Tree Trimming Tips

Keep your trees properly trimmed at the required intervals to ensure a healthier tree with a great canopy.  Don’t attempt to trim trees yourself.  It’s not only dangerous, you can severely damage the tree and it will look bad if butchered by an amateur.  It always pays to hire tree trimming professionals — particularly a certified arborist — to do or oversee the trimming.  Young trees must be trimming frequently to remove the lower limbs to ensure it grows correctly.  Larger trees need to be thinned every few years to keep the canopy healthy.

Do-It-Yourself Tree Trimming

Your tree needs trimming, and even though a professional arborist might be the best person for the job, you’ve decided to take the chore of tree trimming on yourself. A few trimming tips are provided here that will, hopefully, ensure your tree receives the healthiest pruning.

Safety First With Sharp Objects

Consider that timeless adage, “Better safe, than sorry.” It’s important that you take precautionary safety steps before attempting any work with loppers and saws.

  1. If the tree is located near power lines, call the appropriate utility companies about grounding, shielding or de-energizing the power lines.
  2. Wear a hard hat and protective goggles.
  3. Start your pruning from the top, and work your way down. Any broken branches above could fall on you.
  4. Are there any younger trees nearby? The branches you trim could potentially fall onto the young tree’s branches, spring back up and hit you. This is actually a very common error, even among professionals.

Tree Trimming Tools

If the branch is small enough for a hand pruner, make sure it is sharp enough to cut cleanly, without tearing.

Pruning saws are usually designed to cut on the pull-stroke. They are available in a variety of handle styles, blade lengths and shapes, layout and type of teeth. Many styles have replaceable blades.

Pole pruners are used for the out-of-reach branches, and when the branches are a little larger, saw blades can be fastened directly to the pruning head.

Chain saws for much larger branches should only be used by experienced individuals.

The Importance of Timing

An important tree trimming tip is determining the appropriate time of year for the pruning. If it’s a flowering tree, be sure to trim within three weeks after the blooming has finished. Otherwise, you could be preventing next year’s bloom fest.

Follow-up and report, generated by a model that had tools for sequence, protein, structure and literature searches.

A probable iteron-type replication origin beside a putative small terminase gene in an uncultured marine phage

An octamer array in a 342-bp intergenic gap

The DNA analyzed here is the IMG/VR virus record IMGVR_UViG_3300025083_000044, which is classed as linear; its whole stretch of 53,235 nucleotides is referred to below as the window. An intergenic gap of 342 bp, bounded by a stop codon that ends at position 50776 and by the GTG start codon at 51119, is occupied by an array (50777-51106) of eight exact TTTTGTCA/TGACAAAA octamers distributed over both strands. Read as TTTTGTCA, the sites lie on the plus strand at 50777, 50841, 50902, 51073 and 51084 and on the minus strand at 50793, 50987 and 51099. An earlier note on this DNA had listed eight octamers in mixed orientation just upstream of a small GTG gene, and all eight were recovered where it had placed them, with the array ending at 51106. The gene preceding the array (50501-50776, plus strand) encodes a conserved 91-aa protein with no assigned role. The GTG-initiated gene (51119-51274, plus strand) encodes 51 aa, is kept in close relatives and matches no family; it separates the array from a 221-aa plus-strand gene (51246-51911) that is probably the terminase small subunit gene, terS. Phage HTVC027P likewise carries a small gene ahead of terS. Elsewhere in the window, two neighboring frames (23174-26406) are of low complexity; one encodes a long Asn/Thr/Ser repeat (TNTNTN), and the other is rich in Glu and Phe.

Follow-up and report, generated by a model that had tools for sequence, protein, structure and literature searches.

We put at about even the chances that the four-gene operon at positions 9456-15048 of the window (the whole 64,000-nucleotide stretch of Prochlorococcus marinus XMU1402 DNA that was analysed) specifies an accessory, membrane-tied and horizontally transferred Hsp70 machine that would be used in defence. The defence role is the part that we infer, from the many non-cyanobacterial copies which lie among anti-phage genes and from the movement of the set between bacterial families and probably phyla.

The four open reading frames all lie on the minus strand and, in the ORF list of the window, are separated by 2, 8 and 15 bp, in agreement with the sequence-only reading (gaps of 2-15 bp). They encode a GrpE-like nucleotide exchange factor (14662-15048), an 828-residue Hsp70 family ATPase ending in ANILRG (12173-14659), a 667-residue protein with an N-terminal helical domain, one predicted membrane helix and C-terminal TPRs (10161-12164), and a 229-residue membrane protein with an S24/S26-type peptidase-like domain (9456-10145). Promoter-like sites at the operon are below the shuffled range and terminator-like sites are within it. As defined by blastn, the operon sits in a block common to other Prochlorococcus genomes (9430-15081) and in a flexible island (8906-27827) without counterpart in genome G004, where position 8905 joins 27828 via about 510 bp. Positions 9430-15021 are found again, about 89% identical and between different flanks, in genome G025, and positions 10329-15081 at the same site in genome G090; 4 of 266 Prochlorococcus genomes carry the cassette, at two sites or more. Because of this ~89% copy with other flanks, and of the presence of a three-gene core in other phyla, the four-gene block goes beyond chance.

The oak is another example of the importance of tree trimming timing. If you trim it from April to October, it will become susceptible to Oak Wilt disease.

Pruning conifers during the dormant season could minimize sap and resin flow from the cut branches.

Perform some research on your type of tree to determine appropriate timing.

Protecting the Tree’s Health

If you aren’t careful, your trimming could leave your tree vulnerable to fungi, disease and destructive insects.

If you look at the base of the branch, where it meets the trunk, you’ll notice a “collar.” This is where the tree’s natural defense system is located, so you don’t want to remove this. Be sure to cut just outside the collar.

An inadvertent cause of vulnerability could lie in your failure to keep the blades sanitized and, thereby, transferring disease from one tree to another. Be sure to thoroughly clean your tools with soap and water after each use.

Sawing Off a Tree Branch

“Stub cuts” are when the cut is too far from the stem, leaving a branch stub. As a result, the branch tissue usually dies and wound closure is delayed, because the woundwood (callous) must seal over the stub that was left.

To avoid tearing the branch bark into the trunk as the branch falls away, use the three-step-cut approach:

First Cut: Your saw will get pinched if you cut too far up. Cut 1-2 ‘ away from the trunk, from the bottom of the branch, making an undercut one-third of the way up.

Second Cut: Make a cut from the top of the branch down, about 3″ farther along the branch.

Third Cut: Cut just outside the collar with the saw.

If you have any questions at all, be sure to visit your local nursery and please, please, please, hire a professional arborist if the job is too large. Any injuries you receive will incur medical costs much higher than hiring a professional.

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